Report: Billionaire GOP Donor Forces Argentina to Default
Debt collectors can be brutal, as many U.S. consumers have learned. Over the past couple of years, these agencies have swooped in like vultures, eager for whatever scraps they can pilfer from Americans still struggling to claw their way out of debt.
Now, these vultures have set their sights on the entire country of Argentina. Here again, the fact that Argentina and its people are unable to pay seems not to concern the billionaire Republican donor, who seeks to almost single-handedly pull the rug out from underneath an entire economy.
Our Miami debt collection defense lawyers understand that Paul Singer, a hedge fund conservative with Elliot Management who donated millions to the campaigns of Mitt Romney, George W. Bush and Swift Boat Veterans for Truth, is dead-set on collecting this money. It’s not because he needs it. Rather, according to various media reports, it’s based on his deeply-held conviction that those who owe money should always pay it back. The New York Times called the hedge fund head a “relentless foe” of the Argentinian government.
The reason why the government of Argentina, one of the wealthier South American nations, defaulted is a complex story. But basically, it boils down to this: In 2001, the country found itself treading water in the midst of an economic depression. As a result, it forced the majority of its creditors to take a loss on loans issued to the country.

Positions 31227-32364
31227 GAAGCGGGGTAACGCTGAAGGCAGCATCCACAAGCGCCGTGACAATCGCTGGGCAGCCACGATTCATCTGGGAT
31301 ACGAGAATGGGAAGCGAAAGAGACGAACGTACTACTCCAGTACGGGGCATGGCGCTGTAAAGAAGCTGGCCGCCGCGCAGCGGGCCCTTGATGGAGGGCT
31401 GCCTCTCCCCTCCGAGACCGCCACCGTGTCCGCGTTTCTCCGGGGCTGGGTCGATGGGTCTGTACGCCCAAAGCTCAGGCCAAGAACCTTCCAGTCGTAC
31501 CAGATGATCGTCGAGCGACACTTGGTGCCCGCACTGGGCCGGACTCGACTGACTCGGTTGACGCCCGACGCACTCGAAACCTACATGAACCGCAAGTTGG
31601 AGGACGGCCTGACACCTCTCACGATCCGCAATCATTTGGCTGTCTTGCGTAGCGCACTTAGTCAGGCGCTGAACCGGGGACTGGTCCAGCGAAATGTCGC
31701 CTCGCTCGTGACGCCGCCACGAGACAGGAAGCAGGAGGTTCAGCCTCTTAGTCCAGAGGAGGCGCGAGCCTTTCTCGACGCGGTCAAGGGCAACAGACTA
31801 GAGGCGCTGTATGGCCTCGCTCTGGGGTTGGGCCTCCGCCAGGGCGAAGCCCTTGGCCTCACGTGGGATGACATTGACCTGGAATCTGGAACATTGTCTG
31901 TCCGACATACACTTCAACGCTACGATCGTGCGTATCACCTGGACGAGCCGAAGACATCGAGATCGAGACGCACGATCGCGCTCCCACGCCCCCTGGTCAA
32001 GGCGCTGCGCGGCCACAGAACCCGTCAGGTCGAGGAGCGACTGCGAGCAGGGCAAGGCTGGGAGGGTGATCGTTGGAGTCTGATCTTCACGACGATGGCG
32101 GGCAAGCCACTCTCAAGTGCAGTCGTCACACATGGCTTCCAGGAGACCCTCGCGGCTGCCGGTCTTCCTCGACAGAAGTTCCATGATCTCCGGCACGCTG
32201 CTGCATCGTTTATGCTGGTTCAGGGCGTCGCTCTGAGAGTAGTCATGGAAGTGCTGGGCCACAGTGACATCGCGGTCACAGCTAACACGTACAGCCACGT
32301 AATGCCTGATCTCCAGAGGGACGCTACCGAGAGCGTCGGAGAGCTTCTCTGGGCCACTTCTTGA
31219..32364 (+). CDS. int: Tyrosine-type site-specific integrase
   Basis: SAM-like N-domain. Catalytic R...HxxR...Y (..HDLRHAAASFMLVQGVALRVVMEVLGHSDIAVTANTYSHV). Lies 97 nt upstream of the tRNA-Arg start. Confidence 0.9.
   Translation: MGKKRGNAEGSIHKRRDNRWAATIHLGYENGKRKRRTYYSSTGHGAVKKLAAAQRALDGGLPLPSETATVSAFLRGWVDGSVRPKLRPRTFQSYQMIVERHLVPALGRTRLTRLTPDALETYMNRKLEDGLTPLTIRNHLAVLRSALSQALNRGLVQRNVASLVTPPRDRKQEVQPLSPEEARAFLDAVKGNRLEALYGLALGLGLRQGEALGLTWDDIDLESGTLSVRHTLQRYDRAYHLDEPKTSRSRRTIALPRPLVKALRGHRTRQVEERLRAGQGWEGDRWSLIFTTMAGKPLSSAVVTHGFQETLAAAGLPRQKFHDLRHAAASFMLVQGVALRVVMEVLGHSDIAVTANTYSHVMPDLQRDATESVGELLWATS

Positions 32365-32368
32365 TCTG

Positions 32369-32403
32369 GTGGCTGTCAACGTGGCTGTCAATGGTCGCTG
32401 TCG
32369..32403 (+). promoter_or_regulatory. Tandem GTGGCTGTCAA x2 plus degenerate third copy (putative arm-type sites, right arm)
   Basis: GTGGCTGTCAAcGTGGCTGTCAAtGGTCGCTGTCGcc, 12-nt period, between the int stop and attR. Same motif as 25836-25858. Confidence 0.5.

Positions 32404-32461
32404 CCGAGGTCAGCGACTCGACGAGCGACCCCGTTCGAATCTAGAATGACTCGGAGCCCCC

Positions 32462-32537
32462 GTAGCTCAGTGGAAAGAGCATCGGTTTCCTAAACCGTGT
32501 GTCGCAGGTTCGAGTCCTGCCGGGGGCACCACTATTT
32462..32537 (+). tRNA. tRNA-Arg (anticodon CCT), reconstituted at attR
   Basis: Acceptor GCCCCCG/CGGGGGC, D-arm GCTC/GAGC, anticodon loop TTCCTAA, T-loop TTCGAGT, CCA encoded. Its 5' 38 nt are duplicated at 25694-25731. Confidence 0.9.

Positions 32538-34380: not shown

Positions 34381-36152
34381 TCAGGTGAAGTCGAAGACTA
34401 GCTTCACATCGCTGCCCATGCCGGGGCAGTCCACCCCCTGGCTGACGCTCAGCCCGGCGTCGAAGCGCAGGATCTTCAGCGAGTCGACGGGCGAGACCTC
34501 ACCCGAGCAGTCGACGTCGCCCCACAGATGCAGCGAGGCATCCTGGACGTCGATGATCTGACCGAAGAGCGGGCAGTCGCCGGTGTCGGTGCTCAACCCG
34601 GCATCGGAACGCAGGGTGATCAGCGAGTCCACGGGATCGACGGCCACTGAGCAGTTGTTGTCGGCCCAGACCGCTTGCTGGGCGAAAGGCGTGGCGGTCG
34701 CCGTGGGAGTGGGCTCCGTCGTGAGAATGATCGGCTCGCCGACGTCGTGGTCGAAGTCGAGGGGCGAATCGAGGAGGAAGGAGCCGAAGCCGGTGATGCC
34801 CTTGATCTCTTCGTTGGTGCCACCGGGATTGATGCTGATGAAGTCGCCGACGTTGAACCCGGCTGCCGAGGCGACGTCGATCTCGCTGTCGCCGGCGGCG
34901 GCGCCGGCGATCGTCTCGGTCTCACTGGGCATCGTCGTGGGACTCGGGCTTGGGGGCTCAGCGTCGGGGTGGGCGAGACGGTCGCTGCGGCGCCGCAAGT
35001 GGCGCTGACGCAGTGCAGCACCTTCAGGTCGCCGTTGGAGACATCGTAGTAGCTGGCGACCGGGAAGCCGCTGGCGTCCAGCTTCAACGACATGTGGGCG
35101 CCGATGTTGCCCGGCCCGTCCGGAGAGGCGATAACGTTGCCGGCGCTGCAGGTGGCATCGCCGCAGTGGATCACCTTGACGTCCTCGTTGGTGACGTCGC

For most of those who extended the loans, this was better than not receiving anything at all. However, there were a handful of investors – the Elliott Management hedge fund among them – who refused to take this lesser amount. They demanded the Argentinian government fork over the full amount, plus interest.
It’s a battle they’ve been waving ever since, mostly in the U.S. federal court system.
Two years ago, a federal judge for the Southern District of New York, ruled that the country couldn’t continue to pay other bondholders who had agreed to less if it refused to pay Elliott and the handful of other holdouts. Further, the judge ruled any banks acting as middlemen between Argentina and the other firms would find themselves facing legal trouble.
The decision was a controversial one, and the judge was derided in many circles as having “not completely understood the bond transactions.” However, an appellate court affirmed his decision. Then, the U.S. Supreme Court in June declined to hear the appeal from Argentina. That meant the federal district decision stood, and the only thing left for Argentina to do was negotiate.
However, talks among Elliott’s executives and the Argentinian government broke down in New York, which led to Argentina not making good on a scheduled $563 million bond payment, as had been ordered by the court. Now, the country is in default.
It’s worth noting that Elliott purchased the bonds at well below market value, and will likely make a great deal of profit by having the bonds paid back in full, with interest. The face value of the bonds was around $170 million, though investors with the hedge fund are now seeking to recover $1.5 billion, which includes the interest.
Of course, never mind that such a payment could force the country of 41 million people with a fragile economy back into another financial crisis that could result in a sharp rise in poverty and unsettle countless global markets. According to Singer, it’s about the rule of law and the strict enforcement of it. We’re sure it has nothing to do with the hundreds of millions of dollars his firm stands to profit.
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